Just call it Storytime with the Magpie! Another beautiful Native Hawaiian legend was shared when I was visiting the Hawai'i National Volcanoes National Park on the island of Hawaii, to visit the goddess Pele and see how she's been shaking things up in her home within Kilauea. I took advantage of one of the best things about national parks, getting a ranger-guided tour. I'm a big supporter of all our national parks -- they are all treasures meant to be enjoyed as well as educate, so do consider visiting a few of them in your own state and abroad. I especially J'adore the ranger tours at Volcanoes because it's not just the science of the earth, but you get an incredible cultural history of the land and everything that grows on it. I was lucky to have Ranger Dean Gallagher guide me through the park, and his knowledge and love of the local culture is too great a resource not to take advantage of.
Walking through the park, you'll notice bushes growing all over, with rough, gnarled bark, dusky small leaves and a strikingly bright flower that looks a little like a sea urchin, all spiny, yet soft. This is the Ohia tree, a plant native to the islands, usually one of the first vegetation to grow from a lava flow. Clearly, it's a plant with moxy. Ranger Dean shared the heartbreakingly beautiful story of the ohia tree and its red lehua blossom, along with a performance of him playing the traditional native nose flute. The breath of a person, the ha, is considered a powerful thing, but the air coming from the mouth is not as pure as the breath that escapes from the nose, hence the flute being played using the nose. It ensures the music is coming from a truly sacred place.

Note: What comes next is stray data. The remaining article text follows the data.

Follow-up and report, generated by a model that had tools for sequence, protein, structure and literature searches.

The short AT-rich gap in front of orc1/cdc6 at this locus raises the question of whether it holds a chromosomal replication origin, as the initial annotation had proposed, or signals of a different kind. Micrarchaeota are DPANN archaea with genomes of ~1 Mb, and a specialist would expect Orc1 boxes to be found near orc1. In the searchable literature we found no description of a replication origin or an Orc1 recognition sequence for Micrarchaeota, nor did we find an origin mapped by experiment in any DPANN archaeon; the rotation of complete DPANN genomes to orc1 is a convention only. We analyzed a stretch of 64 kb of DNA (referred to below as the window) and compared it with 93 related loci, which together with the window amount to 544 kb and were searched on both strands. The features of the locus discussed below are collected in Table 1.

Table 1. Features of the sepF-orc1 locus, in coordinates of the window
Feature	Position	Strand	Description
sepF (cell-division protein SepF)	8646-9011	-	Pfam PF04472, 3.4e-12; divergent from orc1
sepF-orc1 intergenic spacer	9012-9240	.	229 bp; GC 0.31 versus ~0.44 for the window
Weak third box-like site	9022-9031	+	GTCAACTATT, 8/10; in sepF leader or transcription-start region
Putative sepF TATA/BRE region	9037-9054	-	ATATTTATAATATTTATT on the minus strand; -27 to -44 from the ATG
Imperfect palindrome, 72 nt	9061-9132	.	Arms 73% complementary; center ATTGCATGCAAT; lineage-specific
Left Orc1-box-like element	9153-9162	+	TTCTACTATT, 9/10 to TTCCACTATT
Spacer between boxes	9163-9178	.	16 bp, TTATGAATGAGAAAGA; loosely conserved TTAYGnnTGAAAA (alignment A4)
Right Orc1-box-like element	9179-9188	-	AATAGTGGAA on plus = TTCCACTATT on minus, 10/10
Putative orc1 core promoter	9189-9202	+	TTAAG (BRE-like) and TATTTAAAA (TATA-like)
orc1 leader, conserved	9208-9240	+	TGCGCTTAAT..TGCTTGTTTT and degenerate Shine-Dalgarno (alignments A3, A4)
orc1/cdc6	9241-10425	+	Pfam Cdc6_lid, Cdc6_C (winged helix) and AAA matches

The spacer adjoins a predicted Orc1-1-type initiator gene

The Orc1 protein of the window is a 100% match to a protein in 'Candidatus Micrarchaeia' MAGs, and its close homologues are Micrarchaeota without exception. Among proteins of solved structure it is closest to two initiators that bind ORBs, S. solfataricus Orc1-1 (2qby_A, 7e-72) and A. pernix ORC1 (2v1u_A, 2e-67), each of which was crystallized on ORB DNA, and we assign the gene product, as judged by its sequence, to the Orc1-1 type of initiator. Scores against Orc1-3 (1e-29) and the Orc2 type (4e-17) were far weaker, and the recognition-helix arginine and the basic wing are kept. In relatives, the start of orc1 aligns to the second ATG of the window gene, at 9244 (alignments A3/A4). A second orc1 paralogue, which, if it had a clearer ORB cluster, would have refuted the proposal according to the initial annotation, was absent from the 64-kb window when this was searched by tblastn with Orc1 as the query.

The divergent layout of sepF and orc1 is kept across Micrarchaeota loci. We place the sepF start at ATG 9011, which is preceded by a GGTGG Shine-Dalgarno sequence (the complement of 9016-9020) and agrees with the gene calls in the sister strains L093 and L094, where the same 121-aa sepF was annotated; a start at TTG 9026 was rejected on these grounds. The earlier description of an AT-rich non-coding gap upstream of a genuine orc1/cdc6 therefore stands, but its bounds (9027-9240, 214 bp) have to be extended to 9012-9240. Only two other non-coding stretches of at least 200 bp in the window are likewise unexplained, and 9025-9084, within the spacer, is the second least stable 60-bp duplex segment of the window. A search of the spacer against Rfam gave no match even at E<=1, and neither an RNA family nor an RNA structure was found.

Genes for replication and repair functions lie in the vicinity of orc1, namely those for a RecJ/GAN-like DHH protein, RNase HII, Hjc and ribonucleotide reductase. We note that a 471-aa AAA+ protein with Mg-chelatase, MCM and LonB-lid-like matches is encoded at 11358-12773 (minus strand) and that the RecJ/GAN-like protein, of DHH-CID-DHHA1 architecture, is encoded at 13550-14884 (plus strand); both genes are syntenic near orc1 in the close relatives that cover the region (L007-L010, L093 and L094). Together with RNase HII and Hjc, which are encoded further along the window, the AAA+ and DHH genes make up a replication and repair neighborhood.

The legend of the ohia tree starts out with a handsome warrior named Ohia, who plays the nose flute so skillfully, his music and physical beauty captures the eye of the goddess Pele, one whose passions are easily ignited. She's a hot gal who falls for the handsome musician -- who can't say we've all been there, right, ladies? But Ohia's heart belongs to another, the equally beautiful Lehua, whom they have already pledged their love to one another. Pele's jealousy is enraged! This seems to happen a lot with this goddess. Pele angrily turns Ohia into a hunched-over, gnarled tree, twisted and bent like an old man. His beauty and ability to play music was taken from him, cursed to live as an ugly outcast on the lonely cooled plains of the lava flows. Lehua was heartbroken, refusing to leave Ohia, not caring what he looked like, remaining true to the beauty of his heart. The other gods took pity on her, so she was turned into the bright, delicate bloom that now bears her name, forever reunited with her cursed Ohia, and showing that true beauty can grow in even the most harsh of conditions. It's also said that if you pick the bloom, it will rain, as you are separating these lovers and causing the sky to weep. So when you see the Ohia tree and the Lehua blossom upon it, remember the lovers who knew beauty comes from within, and just admire from afar, not picking the flowers.
Jaunty Fine Print: photographs by Denise Sakaki